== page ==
Monday 30 November, 2020

Gov’t moving ahead with BNOCL, NPC merger and others

(left) Finance Minister Chris Sinckler outlining all the  loan contract entails. (right) IDB Representative Juan Carlos De La Hoz Viñas looks on.

(left) Finance Minister Chris Sinckler outlining all the loan contract entails. (right) IDB Representative Juan Carlos De La Hoz Viñas looks on.

As it relates to reforming statutory boards, statutory corporations and making synergies where possible to enhance efficiency across sectors, the government is “moving ahead with pace.”

This assurance came from the Finance Minister Christopher Sinckler during the question and answer segment with media officials after the signing ceremony with the Inter-American Development Bank (IDB) at Government Headquarters in Bay Street, St. Michael yesterday evening.

Since the change of regulations for the National Petroleum Corporation (NPC) in parliament by the Prime Minister, and after the decision by Cabinet was taken some while ago that the two entities – NPC and the Barbados National Oil Company Limited (BNOCL) should do operations, "merge synergies so to speak", yesterday Sinckler asserted, "that work has been on-going”.

Calling yesterday's agreement for the 'Deployment of Cleaner Fuels and Renewable Energies in Barbados' a manifestation of their collaborative efforts, he said that the full merger will take time.

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Giving no specific timeline for its completion, he said that people will “not wake up one day and hear that NPC and BNOCL are one company. It is a process, working through under the Energy Division, to get to the end of that road sooner rather than later, but do so assuredly and of course with the degree of sensitivity.”

Sinckler said that the merge should be facilitated without hiccups.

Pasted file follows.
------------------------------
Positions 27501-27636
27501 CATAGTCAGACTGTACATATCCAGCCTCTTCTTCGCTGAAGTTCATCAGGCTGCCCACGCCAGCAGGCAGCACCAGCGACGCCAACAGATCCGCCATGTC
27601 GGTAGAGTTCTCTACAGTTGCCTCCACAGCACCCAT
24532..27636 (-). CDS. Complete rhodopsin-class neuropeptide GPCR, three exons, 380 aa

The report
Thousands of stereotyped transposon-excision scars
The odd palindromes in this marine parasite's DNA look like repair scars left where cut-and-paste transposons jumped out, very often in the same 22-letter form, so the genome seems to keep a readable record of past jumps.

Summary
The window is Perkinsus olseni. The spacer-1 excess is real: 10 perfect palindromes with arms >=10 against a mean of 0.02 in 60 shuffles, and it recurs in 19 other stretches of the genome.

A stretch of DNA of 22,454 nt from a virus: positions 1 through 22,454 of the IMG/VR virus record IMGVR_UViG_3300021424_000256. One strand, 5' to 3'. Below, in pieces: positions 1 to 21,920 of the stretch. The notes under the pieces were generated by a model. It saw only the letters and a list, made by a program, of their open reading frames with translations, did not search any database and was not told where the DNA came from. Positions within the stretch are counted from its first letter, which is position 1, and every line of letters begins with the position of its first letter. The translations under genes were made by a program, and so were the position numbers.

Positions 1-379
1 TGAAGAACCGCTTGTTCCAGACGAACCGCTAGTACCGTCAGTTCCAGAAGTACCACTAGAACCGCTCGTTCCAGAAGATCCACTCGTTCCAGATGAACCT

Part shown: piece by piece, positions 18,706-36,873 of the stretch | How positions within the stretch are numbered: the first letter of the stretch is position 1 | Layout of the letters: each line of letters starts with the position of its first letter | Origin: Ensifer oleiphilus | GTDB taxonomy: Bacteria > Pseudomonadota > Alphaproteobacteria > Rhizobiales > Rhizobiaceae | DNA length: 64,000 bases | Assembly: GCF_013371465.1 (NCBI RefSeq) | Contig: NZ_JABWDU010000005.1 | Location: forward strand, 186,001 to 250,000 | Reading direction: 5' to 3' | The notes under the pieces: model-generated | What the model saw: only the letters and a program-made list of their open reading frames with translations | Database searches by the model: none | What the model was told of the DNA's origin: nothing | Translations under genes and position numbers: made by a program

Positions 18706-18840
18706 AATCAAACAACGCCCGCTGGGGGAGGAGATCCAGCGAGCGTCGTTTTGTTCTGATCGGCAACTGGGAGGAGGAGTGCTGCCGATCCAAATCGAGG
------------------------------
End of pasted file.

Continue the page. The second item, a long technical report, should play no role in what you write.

“Given the critical nature of both entities as it relates to the energy sector in Barbados, we want to ensure that whatever we do does not create both a distraction from their current work or a disruption in the quality of service, which is provided…

“That is what we are doing and we are doing it very carefully given the very sensitive nature of both entities in relation to Barbados’ economy and society. The energy sector is probably one of the most sensitive sectors but the roles which they both play in both spectrums or ends of that is very, very important, so we have to make sure that whatever we do it is done properly and that it does not either distract or disrupt that service which is provided that is so absolutely critical to the Barbadian society.”

Ideally, the two sister companies are sister companies will come under at least one type of operational management to be able to maximize their capacity.

He said, “they are not strangers to each other. They know each other reasonably well, what we are trying to do is to find ways that operationally, at all levels – financial, human resource, technical resources in terms of assets and so on.”

In regard to reforming statutory corporations in other sectors, he disclosed that “is currently a work in progress.

“I know the Ministry of Sports has begun intense work with its own entities – the Sports Council, the Gymnasium and the Kensington Oval Management Inc (KOMI)…

“In relation to housing, we continue to work on that to have the legal people look at various statutes relating to Urban and Rural (Development Commissions) which are two statutory corporations and the National Housing Corporation (NHC) which again is a statutory board. So we have to look and see how that can work out, and we are moving ahead with those ones that would give us value. There are others of course that efficiencies can be obtained by making some changes to them and we are doing so.

“We commissioned a study through the Ministry of Agriculture on the entities in the sugar industry, that would be Cane Industry Corporation, the [Barbados] Agricultural Credit Trust - BACT and the Barbados Agriculture Management Company – BAMC.” He said that work completed by a major accounting firm in Barbados and he added: “that report is with government and again they’re recommendations in there and to which we can build synergies between those three companies and sugar reformation programme.”

On the other hand, in terms of tourism with the economic entities, government took a slightly different direction where there was divestment as opposed to mergers.

“So the Gems Hotels, we call them Hotels and Resorts properties, one was leased out, operating under lease, and the two others have been sold and they are going to be replaced by private sector involvement, one much bigger. We announced that we are going to do Hilton as well going forward,” he explained.

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